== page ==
What's the Story You Want to Tell? / by Oliver Asis

There is more than meets the eye in photography.  The activity of taking photos is more than just simply clicking the shutter and taking a picture.  In the few seconds before a photographer takes a picture there are countless decisions and choices that he or she makes.  Of theses decisions, I think the most important is; What's the story you want to tell?  With this question alone, it can be the driving force behind why and how you take the picture.

 Looking over the city of San Francisco, I scan over landscape to see what scene and story I want to tell.

Looking over the city of San Francisco, I scan over landscape to see what scene and story I want to tell.

When you consider the above question first in your decision process of taking a photo it will influence why and how you take it.  The reason that this is important is because without having a motivating motive / reason to the photo, the photo will lack focus that creates a compelling image that will satisfy both the photographer and the viewer.  this is easier said than done especially when you are just starting out.

in the early stages of learning photography there is the excitement of having a new tool to help you capture the pictures you want to take.  There are tons of features, buttons, menus, and things to explore and use.  Having all of these with the additional accessories, can lead to an overwhelming experience that can take away from the excitement.  However before all of that if you understand why you want to take a picture, it will help guide you to the "how."  For example,  let's say that you want to take pictures of landscapes because you want to create your own wall art.  So you know that landscapes will be your subject.  With that you want to dig a bit deeper.  Now ask yourself what kind of landscapes?  Seascapes, vistas, cityscapes, wilderness, etc.  However you may decide that you love all of that, and that is perfectly okay.  The important thing to understand in this is what is story of those places that you want to tell.  Do you for example, want to share the beauty of a place that most people don't see as beautiful, or do you want to show why a certain place is designed a certain way?  These are just a few answers that you may come up with or you may have a completely different story to tell.  It doesn't matter what it is, it is just important that you have one to tell.  When you do it will motivate you to understand the "how" you want to tell it.  And when you understand the "why" and "how" together it will set you up for a awesome journey with photography.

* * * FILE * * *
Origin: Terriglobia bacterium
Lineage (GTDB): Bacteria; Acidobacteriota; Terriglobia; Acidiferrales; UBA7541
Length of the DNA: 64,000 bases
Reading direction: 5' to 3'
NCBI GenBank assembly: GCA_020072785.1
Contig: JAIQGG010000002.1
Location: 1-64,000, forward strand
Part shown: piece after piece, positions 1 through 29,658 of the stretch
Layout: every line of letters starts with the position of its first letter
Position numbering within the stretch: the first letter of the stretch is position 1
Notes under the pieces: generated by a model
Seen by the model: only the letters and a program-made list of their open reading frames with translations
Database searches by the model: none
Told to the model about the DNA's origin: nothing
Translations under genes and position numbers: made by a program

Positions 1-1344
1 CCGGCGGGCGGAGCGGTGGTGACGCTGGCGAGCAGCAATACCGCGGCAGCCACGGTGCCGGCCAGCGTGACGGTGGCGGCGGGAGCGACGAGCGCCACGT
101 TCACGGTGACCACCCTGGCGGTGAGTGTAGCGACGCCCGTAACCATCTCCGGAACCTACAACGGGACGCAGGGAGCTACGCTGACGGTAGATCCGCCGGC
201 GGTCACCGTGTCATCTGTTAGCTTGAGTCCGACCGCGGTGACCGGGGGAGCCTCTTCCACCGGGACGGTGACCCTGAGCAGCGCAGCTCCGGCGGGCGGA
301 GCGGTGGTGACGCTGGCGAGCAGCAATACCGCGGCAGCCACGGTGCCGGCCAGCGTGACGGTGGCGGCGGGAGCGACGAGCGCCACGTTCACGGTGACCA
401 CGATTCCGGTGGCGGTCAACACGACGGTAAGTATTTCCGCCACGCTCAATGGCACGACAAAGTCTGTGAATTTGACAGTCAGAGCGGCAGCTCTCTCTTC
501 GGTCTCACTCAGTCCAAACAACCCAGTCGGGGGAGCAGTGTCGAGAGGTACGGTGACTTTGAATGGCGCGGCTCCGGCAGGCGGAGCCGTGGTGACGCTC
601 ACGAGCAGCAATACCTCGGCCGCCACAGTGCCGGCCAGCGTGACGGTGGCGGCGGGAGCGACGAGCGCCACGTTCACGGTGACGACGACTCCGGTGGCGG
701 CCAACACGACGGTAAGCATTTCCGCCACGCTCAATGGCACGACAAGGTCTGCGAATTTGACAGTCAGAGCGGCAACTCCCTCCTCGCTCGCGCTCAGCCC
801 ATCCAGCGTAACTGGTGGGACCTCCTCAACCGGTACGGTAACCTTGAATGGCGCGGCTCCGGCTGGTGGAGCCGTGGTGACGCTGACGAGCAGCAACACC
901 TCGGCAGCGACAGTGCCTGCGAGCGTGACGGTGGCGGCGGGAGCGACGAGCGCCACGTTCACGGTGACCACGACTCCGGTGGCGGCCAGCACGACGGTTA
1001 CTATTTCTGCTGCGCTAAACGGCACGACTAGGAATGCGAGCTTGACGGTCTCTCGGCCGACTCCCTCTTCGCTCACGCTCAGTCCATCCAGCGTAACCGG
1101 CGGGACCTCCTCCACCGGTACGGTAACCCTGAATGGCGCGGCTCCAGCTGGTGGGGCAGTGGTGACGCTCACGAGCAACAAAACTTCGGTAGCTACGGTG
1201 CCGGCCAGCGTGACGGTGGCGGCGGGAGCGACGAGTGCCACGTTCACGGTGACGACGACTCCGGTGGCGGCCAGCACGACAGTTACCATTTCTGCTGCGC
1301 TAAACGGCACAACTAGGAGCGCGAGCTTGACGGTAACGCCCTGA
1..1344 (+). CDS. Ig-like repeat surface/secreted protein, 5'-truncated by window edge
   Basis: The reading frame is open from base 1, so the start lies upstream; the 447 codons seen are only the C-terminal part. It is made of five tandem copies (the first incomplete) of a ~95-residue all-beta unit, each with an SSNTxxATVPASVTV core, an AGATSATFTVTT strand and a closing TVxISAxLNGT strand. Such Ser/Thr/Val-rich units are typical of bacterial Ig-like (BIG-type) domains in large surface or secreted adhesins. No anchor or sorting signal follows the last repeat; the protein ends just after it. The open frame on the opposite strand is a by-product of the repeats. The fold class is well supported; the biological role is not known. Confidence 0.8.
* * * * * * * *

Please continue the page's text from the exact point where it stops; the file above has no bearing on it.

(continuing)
Knowing that I want to show a serene scene, I knew that I could make the glassy water even more calm by increasing doing a longer exposure on the water.

Knowing that I want to show a serene scene, I knew that I could make the glassy water even more calm by increasing doing a longer exposure on the water.

With the "why" understood, you can now take that motivate to help create and take the photographs that you want to capture.  When you know the why and the subject, you can create images that help tell the story further.  For example, let imagine that you want to tell a story about a city and you want to show the hustle and bustle of it.  How would to tell that in an image.  You could photograph the city showing a lot of people.  You could photograph a city from high above to show how large it is.  Or you could photograph a city with traffic moving in it.